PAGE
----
The Hands of a Chef – The Ultimate Tool

 

I have been giving lots of thoughts to my tool kit lately.  Like many chefs, I have a plethora of knives, forks, cutters, pastry tips, strange new gizmos and the like.  My tool kit (if I brought everything with me to the kitchen) would require a two wheel cart to drag it from location to location.  Instead, I usually bring a handful of knives in a small tackle box.  Unlike some of the young “chefs in training” who have $300 Japanese knives, mine are pretty modest.  Keeping an edge on the knife is the only real important factor in determining how well a knife cuts.

As I look at this arsenal of cutting equipment it suddenly came to me that the knife without the hand is pretty useless.  This made me really start to wonder in amazement at the versatility of the human hand and how it truly is the most important tool in a chefs kit.

So let’s look at the hand for a minute (I was driven to do some legitimate research on the topic):

[] Just like everything in today’s techno-world, our hands are operated by remote control.  The brain is the remote, sending signals to our hands to perform in a certain way.  Unlike other parts of the body, the fingers do not contain any muscles.  The muscles that make the fingers work are in the palm and forearm.  There are 29 major and minor bones in the hand, 29 joints, 123 ligaments, 34 muscles (in the palm and forearm), 48 nerves and 30 arteries, plus, plus.  That’s 293 (plus, plus) parts in EACH hand!  Pretty complicated.  Almost 25% of the motor cortex of the human brain is dedicated to the hands.  We have opposable thumbs which allow us to grab and control.  Historically it is said that mankind has evolved as a result of our ability to use our thumbs to work in ways that other living creatures cannot.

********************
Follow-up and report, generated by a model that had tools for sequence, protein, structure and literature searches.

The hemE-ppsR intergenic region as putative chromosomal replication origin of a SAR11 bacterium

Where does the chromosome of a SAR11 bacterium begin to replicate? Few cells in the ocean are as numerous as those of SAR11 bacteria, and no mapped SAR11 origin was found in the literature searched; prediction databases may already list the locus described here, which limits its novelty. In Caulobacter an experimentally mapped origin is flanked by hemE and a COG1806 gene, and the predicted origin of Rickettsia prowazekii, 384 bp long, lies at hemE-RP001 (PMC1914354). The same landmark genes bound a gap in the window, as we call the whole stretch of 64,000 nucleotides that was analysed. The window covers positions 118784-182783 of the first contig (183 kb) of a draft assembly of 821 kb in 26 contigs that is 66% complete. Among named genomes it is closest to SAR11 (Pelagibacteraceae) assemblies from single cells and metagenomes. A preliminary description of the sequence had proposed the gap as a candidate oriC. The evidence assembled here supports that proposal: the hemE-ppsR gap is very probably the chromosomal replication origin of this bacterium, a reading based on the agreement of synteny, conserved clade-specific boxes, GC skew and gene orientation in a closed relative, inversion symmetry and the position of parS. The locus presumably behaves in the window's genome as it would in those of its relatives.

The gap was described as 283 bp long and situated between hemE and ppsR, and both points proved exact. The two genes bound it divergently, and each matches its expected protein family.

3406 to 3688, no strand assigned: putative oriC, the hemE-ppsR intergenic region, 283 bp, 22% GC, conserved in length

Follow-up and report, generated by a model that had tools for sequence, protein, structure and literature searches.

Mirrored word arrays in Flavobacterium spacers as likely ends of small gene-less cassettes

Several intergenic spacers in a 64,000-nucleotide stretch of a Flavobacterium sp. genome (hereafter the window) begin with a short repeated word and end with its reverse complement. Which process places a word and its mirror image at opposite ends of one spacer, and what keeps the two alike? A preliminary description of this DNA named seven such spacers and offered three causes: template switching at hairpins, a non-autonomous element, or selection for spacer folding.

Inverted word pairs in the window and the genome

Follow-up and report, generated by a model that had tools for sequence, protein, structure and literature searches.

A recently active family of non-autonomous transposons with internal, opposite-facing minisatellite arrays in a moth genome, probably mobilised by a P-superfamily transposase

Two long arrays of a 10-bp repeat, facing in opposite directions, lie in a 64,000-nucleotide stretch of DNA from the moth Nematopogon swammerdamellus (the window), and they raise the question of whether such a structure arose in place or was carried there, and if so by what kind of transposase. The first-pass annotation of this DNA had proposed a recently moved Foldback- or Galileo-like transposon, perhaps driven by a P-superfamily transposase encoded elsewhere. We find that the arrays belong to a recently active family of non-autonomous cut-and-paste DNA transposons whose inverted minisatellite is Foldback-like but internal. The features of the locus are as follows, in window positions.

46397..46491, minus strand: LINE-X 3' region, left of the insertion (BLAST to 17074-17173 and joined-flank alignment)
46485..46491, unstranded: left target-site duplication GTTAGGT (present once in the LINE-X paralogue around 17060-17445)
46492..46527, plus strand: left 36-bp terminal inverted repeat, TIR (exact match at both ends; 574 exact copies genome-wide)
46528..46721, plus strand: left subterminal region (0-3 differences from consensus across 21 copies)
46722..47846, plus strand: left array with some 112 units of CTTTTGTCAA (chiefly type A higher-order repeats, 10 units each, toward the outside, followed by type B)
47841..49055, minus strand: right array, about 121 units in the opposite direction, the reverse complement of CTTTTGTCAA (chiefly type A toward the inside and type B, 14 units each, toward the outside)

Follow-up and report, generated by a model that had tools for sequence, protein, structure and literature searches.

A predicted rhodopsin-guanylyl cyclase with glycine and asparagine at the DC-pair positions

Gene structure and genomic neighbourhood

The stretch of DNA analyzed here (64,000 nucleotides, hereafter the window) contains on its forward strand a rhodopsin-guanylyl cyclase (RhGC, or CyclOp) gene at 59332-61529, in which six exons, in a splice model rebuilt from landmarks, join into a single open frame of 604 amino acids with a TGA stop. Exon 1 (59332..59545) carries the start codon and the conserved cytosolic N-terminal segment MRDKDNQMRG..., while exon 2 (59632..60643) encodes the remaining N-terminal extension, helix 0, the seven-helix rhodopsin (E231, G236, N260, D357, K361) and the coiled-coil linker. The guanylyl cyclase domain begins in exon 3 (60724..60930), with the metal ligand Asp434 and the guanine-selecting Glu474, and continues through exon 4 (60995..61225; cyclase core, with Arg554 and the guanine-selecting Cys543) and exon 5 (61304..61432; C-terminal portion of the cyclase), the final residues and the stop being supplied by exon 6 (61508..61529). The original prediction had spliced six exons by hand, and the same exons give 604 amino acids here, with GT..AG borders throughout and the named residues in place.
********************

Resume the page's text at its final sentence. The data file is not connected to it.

OK, now that we have anatomy out of the way, let’s talk about a chef’s hands.  Our hands give us the ability to sense things through touch.  Ask any serious bread baker about how he/she mixes the perfect dough and they will talk about the feel of the dough, the feel of the flour, the spring that is felt by the hand after a first or second proof.  We snap a string bean to determine it’s freshness, tear at artisan bread, peel an onion, gently shingle cold cuts on a platter with our hands, press a steak on the griddle to determine degree of doneness or pinch an herb between our fingers to release its oils.  There is no other kitchen tool that is more important than the hand.  A knife can cut, but it cannot interpret.

Chef’s have a tendency to take hands for granted.  We abuse them daily and still expect them to perform.  We typically take better care of our knives than our hands.  Over the years, I have accumulated 32 stitches in my right hand alone.  I have burned them both numerous times, over-worked them to the point where they would ache, exposed them to frostbite, immersed them in liquids that were way too hot, pulled hot pans out of ovens with wet towels, closed them in refrigerator doors, and even punched a few walls when I was younger and upset with my own performance.  Yet, each day, my hands come ready to work.

I think that it is time that we give recognition to this great tool that allows us to do what we are passionate about: cook!  One of these days I am going to put together a photo book of cooks hands.  A tribute to the ultimate kitchen tool.

Allow me to leave you with a few quotes:

“A child’s hand in yours – what tenderness and power it arouses.  You are instantly the very touchstone of wisdom and strength.”

Marjorie Holmes

“To make a man happy, fill his hands with work.”

Frederick Crane

“The hand is the cutting edge of the mind.”

Jacob Bronowski

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